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Tag: White House

Trump’s & His Family’s Vacation Habits Are Draining Secret Service Budget

secret serviceBy Steve Neavling
ticklethewire.com

President Trump’s large family and their habit of traveling to several residences on the East Coast have left the Secret Service without enough money to pay hundreds of agents. 

The agency has already exceeded its annual caps for salary and overtime for more than 1,000 agents, with more than three months left before the budget is replenished, Secret Service Director Randolph “Tex” Alles told the USA Today. 

In the first seven months, the Secret Service has depleted its budget because of weekend trips to Trump’s properties in Florida, New Jersey and Virginia and his adult children’s frequent business trips and vacation across the country and world.

“The president has a large family, and our responsibility is required in law,” Alles said. “I can’t change that. I have no flexibility.”

Under the Obama administration, Secret Service agents protected 31 people. That number has increased to 42 people under Trump. 

Special Counsel Mueller’s Investigation Reaches White House

Robert Mueller

Robert Mueller

By Steve Neavling
ticklethewire.com

Special counsel Robert Mueller’s investigation of Russia’s interference in the presidential election has reached the White House.

Mueller and his team are negotiating interviews with current and former senior administration officials, including recently ousted White House chief of staff, Reince Priebus, the New York Times reports. 

Mueller is inquiring about specific meeting and any documents or material related to them. Mueller also plans to ask officials about the firing of then-FBI Director James Comey.

Ty Cobb, a special counsel to the president, declined to comment on details of the investigation but said there White House will “continue to fully cooperate.”

Secret Service Arrests Suspect Who Tried to Leap Barricade at White House

whitehouseBy Steve Neavling
ticklethewire.com

The Secret Service, which has come under fire for its lax protection of the White House, wasted no time Wednesday arresting a man who tried to jump over a barricade near the White House grounds.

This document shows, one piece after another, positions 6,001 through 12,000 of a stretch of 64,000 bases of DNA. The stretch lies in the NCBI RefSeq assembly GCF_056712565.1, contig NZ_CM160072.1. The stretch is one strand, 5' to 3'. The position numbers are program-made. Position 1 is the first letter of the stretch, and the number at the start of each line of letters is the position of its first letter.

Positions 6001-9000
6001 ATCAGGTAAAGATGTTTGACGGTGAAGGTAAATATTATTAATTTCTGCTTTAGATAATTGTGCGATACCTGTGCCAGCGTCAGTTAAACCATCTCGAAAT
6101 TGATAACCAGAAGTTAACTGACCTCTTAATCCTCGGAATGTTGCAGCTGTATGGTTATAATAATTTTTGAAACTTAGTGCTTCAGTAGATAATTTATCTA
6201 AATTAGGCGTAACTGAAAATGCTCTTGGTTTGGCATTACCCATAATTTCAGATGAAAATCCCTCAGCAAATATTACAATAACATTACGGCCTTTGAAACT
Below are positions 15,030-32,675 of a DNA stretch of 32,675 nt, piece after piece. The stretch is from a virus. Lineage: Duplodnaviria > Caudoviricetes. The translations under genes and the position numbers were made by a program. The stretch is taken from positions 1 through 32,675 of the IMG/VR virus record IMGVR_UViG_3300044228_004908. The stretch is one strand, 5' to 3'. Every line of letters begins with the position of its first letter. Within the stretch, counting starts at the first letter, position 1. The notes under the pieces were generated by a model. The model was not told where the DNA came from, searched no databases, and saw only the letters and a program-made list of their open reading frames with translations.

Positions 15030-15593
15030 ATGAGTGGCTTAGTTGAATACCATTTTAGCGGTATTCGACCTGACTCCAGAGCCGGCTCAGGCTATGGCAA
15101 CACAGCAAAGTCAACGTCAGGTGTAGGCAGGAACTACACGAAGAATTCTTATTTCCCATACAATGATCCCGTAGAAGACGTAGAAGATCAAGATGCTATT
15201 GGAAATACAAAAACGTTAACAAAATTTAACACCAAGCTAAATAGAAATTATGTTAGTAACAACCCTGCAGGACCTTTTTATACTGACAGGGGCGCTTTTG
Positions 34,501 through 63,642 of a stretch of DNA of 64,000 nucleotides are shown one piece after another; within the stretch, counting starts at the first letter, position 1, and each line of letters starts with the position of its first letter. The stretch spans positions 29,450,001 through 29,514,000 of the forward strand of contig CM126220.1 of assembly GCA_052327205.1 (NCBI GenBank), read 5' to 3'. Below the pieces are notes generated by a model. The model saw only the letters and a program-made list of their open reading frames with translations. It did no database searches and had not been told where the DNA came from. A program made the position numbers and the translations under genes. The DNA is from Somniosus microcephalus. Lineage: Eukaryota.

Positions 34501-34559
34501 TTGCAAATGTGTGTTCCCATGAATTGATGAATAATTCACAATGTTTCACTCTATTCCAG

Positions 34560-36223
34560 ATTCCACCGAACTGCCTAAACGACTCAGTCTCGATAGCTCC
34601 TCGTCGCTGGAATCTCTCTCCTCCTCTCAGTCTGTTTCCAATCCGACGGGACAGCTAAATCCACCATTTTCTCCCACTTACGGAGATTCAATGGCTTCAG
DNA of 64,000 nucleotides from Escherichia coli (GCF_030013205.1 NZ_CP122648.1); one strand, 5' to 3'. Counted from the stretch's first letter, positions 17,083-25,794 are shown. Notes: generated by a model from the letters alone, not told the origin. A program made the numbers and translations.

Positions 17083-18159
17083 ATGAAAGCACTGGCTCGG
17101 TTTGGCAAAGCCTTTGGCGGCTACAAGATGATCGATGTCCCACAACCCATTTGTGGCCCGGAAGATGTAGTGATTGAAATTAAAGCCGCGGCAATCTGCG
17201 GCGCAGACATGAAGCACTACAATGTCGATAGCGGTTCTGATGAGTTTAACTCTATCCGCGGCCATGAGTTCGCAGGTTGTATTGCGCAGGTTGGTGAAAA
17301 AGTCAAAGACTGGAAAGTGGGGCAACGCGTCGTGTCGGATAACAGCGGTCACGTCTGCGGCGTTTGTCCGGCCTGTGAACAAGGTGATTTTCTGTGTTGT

Officers arrested the suspect as he tried to leap over bike tracks near a park adjacent to the Eisenhower Executive Office building.

“The individual was charged with unlawful entry and transported to the Metropolitan Police Department,” the Secret Service said in a statement.

The incident forced authorities to close Pennsylvania Avenue to traffic around 4:30 p.m. as agents with long guns spread out across the North Lawn.

Fence-jumpers have been a constant problem for the Secret Service for the past two years.

Other Stories of Interest

Goodbye Joe: Lieberman Withdraws Name From Consideration for FBI Director, Citing Possible Conflict of Interest

Ex-Sen. Lieberman/senate photo

Ex-Sen. Lieberman/senate photo

By Allan Lengel
ticklethewire.com

Ex- Sen. Joe Lieberman is no longer in the running for FBI director.

Lieberman sent a  letter to President Donald Trump on Wednesday withdrawing his name from consideration for FBI director, citing a potential conflict of interest, ABC News reports.

Lieberman notes that the White House has enlisted Marc Kasowitz — who works at his law firm, to coordinate the administration’s response to the Russia investigation.

“With your selection of Marc Kasowitz to represent you in the various investigations that have begun, I do believe it would be best to avoid any appearance of a conflict of interest, given my role as a senior counsel in the law firm of which Marc is the senior partner,” Lieberman wrote in the letter.

Lieberman seemed like an unlikely choice, anyways.

His law enforcement background was limited to being attorney general in Connecticut before being elected to the Senate. It’s not likely his nomination would have been received that warmly by the Senate.

Ex-Uniformed Secret Service Officer Gets 20 Years for Sexting Teen Girls

smartphone sexting

By Allan Lengel
ticklethewire.com

A former Secret Service uniformed officer, who was assigned to the White at the time of his arrest in 2015, was sentenced Thursday in Miami federal court to 20 years in prison to be followed by a lifetime term of supervised release for sexting teenage girls.